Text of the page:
The Knowledge Exchange on Public-Private Partnership: Trieste Experience
KNOWLEDGE EXCHANGE: FAs IN THE EU
Takeaways from the Knowledge Exchange on Public-Private Partnership: Trieste Experience
Discover the main insights from our workshop on the Triste Experience in Public-Private Partnerships (PPPs), which was attended by 72 representatives from various functional areas. This workshop is part of a series of knowledge exchange activities organised under the “Functional Areas in the EU” project.
The knowledge exchange commenced with introductory remarks from Marcel-Ionescu Heroiu, Senior Urban Development Specialist at the World Bank, who provided an overview, covering the main advantages of Public-Private Partnerships and their applicability for functional areas. He emphasised that sub-national administrations should think strategically about using PPPs as they present an opportunity for mobilising significant resources that may exceed available public financing.
Following the introductory session, Andrea Brunetta, a project financing expert from the public administration of Trieste, Italy, took the floor to present the key elements of a public-private partnership, applied in the domain of public lighting and smart city services. He presented a concession-based contract model, involving that the private party pays a fee to the municipality. Based on the significant experience of the Trieste municipality in PPP structuring, it matches the value of the fee to historical expenses of the city project. Delving into key data and project milestones, the comprehensive presentation covered the intricacies of designing a PPP project, showing how urban infrastructure and services can undergo significant enhancement through innovative collaboration between the public and private sectors.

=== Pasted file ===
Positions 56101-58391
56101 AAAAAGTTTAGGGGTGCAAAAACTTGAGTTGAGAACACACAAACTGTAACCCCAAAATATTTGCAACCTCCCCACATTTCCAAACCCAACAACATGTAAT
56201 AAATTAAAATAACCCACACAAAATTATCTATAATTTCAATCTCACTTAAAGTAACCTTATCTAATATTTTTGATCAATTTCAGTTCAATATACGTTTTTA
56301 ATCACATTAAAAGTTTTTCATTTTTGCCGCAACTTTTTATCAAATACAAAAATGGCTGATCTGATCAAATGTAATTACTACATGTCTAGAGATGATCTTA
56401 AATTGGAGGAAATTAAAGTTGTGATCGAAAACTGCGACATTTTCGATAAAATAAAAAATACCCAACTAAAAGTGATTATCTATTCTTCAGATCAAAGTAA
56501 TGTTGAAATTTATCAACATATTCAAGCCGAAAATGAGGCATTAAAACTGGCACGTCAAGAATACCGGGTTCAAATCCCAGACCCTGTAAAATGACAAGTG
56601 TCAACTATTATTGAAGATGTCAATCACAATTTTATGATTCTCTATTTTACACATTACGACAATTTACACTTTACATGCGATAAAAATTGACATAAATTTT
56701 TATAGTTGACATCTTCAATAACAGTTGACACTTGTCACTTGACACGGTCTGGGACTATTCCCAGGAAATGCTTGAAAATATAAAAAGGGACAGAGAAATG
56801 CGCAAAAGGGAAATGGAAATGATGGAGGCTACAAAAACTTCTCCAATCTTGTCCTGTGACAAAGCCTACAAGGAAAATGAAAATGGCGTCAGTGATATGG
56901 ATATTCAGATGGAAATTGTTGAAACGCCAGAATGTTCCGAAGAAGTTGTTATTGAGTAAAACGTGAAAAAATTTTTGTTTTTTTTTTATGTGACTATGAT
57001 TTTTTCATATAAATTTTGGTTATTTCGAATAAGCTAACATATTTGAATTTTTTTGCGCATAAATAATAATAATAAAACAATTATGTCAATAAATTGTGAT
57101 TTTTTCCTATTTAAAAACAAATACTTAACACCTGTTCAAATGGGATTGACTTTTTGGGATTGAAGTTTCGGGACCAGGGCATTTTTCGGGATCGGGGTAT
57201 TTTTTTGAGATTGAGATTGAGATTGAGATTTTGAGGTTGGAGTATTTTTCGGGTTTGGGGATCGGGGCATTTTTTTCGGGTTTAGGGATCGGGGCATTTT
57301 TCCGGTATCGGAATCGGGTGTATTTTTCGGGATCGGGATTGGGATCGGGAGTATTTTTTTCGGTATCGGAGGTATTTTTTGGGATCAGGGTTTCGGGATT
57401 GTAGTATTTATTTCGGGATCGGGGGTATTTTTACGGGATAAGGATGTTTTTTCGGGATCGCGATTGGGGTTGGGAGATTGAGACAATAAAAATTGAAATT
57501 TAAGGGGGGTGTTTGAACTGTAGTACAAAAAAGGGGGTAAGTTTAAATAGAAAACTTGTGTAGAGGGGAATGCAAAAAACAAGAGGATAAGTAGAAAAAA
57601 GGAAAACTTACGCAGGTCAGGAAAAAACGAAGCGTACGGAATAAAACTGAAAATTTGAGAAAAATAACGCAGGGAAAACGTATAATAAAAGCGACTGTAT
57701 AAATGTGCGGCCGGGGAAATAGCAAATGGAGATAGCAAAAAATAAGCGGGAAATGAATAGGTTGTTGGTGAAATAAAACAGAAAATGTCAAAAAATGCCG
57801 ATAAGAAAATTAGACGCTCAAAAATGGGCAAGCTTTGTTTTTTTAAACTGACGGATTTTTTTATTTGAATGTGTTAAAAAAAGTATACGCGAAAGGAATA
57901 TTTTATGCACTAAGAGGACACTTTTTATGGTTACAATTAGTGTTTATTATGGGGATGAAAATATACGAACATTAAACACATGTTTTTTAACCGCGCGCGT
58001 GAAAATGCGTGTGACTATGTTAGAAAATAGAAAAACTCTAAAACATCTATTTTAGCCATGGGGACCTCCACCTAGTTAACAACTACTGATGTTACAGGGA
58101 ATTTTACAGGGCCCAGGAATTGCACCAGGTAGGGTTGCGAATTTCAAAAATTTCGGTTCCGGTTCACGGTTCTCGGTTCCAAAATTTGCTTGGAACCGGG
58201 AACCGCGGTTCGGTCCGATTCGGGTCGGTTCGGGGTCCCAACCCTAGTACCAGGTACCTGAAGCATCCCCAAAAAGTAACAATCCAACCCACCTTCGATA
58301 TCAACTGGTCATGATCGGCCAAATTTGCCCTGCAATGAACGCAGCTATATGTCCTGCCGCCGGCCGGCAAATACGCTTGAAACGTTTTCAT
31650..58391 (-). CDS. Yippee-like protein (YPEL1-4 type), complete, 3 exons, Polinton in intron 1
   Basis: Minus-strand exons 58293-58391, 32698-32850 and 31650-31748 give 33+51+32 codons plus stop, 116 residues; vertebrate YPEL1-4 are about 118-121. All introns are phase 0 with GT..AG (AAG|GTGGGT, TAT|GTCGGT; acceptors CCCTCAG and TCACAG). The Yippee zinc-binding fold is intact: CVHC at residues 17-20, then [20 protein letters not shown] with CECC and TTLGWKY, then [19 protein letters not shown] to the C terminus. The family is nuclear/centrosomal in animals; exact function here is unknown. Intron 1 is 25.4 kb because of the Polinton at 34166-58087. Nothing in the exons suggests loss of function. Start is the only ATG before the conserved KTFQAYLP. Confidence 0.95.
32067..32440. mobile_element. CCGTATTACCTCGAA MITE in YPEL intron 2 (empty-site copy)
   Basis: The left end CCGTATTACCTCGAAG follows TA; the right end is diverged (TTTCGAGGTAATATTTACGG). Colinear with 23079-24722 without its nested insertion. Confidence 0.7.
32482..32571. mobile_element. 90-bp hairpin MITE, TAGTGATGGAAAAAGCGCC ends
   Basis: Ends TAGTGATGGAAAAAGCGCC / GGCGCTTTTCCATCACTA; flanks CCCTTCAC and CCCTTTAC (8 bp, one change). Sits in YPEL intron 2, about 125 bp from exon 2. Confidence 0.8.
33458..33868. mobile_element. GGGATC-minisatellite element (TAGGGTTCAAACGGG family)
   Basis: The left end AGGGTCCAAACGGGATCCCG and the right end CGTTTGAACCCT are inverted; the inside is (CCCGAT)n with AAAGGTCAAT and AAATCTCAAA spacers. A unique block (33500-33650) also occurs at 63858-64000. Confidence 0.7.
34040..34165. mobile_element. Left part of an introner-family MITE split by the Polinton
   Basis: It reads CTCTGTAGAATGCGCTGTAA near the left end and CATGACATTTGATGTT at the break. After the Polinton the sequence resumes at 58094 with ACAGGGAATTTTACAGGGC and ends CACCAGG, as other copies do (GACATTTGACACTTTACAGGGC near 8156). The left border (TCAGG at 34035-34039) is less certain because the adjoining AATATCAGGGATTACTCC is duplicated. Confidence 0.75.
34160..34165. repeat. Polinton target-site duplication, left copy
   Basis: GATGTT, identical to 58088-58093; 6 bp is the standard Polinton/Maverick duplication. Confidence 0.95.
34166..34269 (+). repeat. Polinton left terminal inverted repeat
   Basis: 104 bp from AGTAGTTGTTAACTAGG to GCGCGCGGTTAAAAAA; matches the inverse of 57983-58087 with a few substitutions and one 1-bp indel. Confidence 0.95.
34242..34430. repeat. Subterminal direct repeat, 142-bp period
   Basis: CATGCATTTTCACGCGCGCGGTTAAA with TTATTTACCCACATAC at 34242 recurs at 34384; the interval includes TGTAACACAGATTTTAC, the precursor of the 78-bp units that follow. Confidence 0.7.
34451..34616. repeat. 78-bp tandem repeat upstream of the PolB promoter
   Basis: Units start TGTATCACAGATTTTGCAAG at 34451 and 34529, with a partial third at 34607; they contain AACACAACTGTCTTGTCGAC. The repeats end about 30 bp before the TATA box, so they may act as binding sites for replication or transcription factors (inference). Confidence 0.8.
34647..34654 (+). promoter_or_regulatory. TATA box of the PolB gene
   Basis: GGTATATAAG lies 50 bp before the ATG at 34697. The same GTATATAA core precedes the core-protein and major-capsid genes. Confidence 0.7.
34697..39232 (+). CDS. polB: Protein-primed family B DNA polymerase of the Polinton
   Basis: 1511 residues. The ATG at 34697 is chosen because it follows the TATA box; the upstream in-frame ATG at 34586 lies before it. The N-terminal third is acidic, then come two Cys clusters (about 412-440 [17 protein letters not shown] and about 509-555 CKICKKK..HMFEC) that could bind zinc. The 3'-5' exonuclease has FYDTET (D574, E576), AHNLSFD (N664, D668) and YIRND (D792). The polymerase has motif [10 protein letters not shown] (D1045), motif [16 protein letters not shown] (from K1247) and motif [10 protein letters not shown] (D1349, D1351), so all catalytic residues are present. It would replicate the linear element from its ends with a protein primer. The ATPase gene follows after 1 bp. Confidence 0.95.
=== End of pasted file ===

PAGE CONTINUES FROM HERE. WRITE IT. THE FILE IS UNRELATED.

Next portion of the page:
Emphasising sustainability, economic benefits, and technological advancements, the presentation shed light on the potential of public-private partnerships to deliver on the dual objective of value for money and value for society. Key advantages of PPPs in the domain of lighting and smart city services may include heightened energy efficiency, a reduced environmental footprint, enhanced management, operation and maintenance practices, and the provision of value-added services for citizens, through technologies such as sensors, video surveillance, wi-fi hotspots, smart parking solutions and through continuous monitoring of environmental indicators.
The workshop also underscored the importance of transparency in public service delivery projects and the role of participatory approaches for ensuring community support, particularly in the case of urban regeneration projects. Potential areas for PPPs are wide-ranging and may include green energy generation, municipal services, solid waste management, recycling, water and sanitation, public transport, public markets, green infrastructure, affordable housing, business, cultural or sports infrastructure.
If you are interested in learning more about public-private partnerships, you can access the following resources: